The next room celebrates the friendship between Schiele and Oppenheimer. The Leopold Museum is intimately linked to the former figure (a passion shared with the Albertina and the Belvedere). It has a collection of 43 paintings and over 200 watercolors, drawings and prints, making it the most important collection in the world. The two artists shared an atelier in Vienna, portrayed each other, challenged the concrete sexual conventions of the time, and looked to French poet Arthur Rimbaud as their role model. Oppenheimer’s influence was crucial in Schiele’s decision to abandon Klimt and develop his own distinctive expressiveness.

'Portrait of Freud' (1909), by Max Oppenheimer.
'Portrait of Freud' (1909), by Max Oppenheimer. New York Psychoanalytic Society & Institute

One of the exhibit’s star pieces is a 1911 self-portrait of Oppenheimer that, for decades, was thought to be lost, and it is now on public display for the first time in 110 years. The museum acquired it in August, after negotiating an agreement with a private collector and the rightful heirs of Oskar Reichel, a Jewish doctor and art dealer who, after the Anschluss, the annexation of Austria to the Third Reich in 1938, was persecuted by the Nazis and died in Vienna in 1943. It is difficult not to relate the drawing of the broken hand on the canvas to Schiele.

As the wider world was crumbling around him in the Great War, Oppenheimer, an anarcho-pacifist dand y— ”an eternal outsider who longed for sociability,” as Wipplinger put it — took refuge in Switzerland and entertained himself by founding Dadaism with artists of different nationalities. In Zurich, he actively participated in Cabaret Voltaire’s nihilistic program.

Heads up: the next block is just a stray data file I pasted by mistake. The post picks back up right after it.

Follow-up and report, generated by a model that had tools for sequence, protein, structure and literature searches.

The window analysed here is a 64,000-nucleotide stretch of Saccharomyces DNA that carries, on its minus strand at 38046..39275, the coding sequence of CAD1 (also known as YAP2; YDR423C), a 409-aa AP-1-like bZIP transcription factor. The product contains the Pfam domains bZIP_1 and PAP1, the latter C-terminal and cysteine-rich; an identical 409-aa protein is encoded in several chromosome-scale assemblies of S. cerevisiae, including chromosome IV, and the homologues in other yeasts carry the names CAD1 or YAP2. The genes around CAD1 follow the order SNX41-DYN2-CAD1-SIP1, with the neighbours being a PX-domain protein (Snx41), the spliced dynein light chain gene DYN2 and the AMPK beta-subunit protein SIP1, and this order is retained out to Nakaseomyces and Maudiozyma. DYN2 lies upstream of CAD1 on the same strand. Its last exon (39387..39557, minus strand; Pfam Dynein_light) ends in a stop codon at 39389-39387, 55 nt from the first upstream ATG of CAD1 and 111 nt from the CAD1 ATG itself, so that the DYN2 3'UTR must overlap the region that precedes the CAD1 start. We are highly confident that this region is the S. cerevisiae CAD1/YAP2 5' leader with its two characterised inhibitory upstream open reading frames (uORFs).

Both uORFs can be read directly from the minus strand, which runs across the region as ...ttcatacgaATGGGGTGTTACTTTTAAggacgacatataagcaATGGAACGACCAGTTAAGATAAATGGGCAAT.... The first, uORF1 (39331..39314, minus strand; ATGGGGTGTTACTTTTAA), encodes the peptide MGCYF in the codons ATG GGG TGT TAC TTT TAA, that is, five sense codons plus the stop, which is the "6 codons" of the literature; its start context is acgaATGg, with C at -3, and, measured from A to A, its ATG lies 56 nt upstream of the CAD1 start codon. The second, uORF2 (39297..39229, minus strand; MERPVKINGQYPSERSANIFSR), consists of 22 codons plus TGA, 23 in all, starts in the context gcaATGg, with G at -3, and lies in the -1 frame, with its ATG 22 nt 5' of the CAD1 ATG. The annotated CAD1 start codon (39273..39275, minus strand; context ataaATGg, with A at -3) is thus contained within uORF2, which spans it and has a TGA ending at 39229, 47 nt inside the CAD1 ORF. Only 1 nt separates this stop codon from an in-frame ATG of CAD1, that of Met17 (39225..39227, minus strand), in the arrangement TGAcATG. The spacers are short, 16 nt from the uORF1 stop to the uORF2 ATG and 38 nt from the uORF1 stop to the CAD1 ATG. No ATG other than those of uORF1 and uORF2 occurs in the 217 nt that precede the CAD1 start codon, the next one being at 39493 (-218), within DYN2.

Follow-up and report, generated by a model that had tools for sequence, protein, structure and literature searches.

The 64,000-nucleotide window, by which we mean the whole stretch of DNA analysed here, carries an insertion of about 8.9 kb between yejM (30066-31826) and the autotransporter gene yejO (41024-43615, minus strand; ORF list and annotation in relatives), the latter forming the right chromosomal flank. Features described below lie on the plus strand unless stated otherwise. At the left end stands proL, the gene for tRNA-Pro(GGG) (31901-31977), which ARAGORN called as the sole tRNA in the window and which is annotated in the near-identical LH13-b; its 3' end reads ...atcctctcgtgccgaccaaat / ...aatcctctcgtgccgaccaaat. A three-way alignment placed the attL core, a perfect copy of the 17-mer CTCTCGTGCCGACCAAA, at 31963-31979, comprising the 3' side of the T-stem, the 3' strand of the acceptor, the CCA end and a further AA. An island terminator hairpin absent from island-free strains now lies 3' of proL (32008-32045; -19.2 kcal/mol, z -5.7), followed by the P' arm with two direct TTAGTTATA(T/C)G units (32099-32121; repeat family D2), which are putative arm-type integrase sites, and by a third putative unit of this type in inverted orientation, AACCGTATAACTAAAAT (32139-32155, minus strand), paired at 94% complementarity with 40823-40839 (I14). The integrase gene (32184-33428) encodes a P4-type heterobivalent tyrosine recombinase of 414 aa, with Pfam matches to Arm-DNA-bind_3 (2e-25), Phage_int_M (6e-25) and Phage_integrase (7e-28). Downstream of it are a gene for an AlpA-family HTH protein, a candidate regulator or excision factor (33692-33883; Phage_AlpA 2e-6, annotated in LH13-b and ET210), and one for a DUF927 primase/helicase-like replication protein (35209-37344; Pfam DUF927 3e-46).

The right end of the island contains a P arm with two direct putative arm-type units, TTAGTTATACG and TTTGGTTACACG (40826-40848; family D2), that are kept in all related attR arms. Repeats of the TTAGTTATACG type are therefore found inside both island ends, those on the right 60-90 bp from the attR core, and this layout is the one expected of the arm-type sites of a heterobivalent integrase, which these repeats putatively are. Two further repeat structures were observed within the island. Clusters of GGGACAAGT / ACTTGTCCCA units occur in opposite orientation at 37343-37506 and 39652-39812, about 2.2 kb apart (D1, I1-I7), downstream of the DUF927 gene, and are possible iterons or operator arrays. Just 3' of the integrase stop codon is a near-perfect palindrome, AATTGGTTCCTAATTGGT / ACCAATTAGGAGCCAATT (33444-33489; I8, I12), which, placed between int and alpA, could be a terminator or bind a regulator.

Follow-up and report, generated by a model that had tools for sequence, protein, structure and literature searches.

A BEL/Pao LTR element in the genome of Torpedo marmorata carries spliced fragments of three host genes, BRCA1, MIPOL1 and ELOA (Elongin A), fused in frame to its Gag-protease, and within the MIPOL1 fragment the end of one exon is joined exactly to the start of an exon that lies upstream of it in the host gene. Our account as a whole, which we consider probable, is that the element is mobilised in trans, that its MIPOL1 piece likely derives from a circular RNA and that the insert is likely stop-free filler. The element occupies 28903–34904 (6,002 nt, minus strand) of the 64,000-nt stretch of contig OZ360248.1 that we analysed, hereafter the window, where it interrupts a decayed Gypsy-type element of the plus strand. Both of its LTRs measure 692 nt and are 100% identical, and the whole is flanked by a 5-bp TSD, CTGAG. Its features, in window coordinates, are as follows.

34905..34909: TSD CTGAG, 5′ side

On several occasions, he settled in Berlin in pursuit of greater tolerance for his homosexuality and of the artistic hotbed that had taken over from Vienna as the cultural capital of the roaring 1920s. Oppenheimer frequented the bohemian headquarters in the Charlottenburg district, the Romanisches Café (known as the Olympus of useless arts), and experimented with the “new objectivity” when the movement didn’t have a name yet and which Joseph Roth defined as “the commercialization of the joy of living.” The paintings The Orchestra and Six-Day Race are emblematic of this period.

When the Nazis seized power, Oppenheimer’s days in Berlin were numbered: he was of Jewish descent and would soon be labeled a degenerate artist. The exhibition displays an anonymous black-and-white photograph of his 1926 portrait of former mayor Gustav Böss, hung in the window of an SA (Nazi Party storm troopers) tavern to defame him. The photo is next to the original canvas.

'Mother and Daughter' (Malvine and Raimund Reichel), 1911.
'Mother and Daughter' (Malvine and Raimund Reichel), 1911.Museum moderner Kunst Stiftung Ludwig Wien

Oppenheimer returned to Vienna, but the Anschluss forced him to flee again, first to Switzerland and then to the United States. He left his best works in Austria, not knowing if he would ever be able to get them back. On June 20, 1938, he wrote to his gallery owner: “All my drawings, about 100 sheets, all the graphic work and everything I left in my apartment was stolen, that is, looted.”

Exile, apathy and oblivion awaited him. “It was necessary to correct the art historiography with a large-scale retrospective,” Wipplinger says. He adds that “in the triumvirate of Austrian Expressionism, Egon Schiele and Oskar Kokoschka always occupy the center and, incomprehensibly, Oppenheimer appears in a corner. Even in the art scene, they are unaware of his pioneering role in the development of psychological portraiture and the landscape of the soul. In light of Oppenheimer’s successful career and innovative methods, it is surprising that his work not only went unrecognized over the past few decades, but virtually faded into oblivion.”

Oppenheimer died in 1954. It took three days to find his lifeless body in his New York home.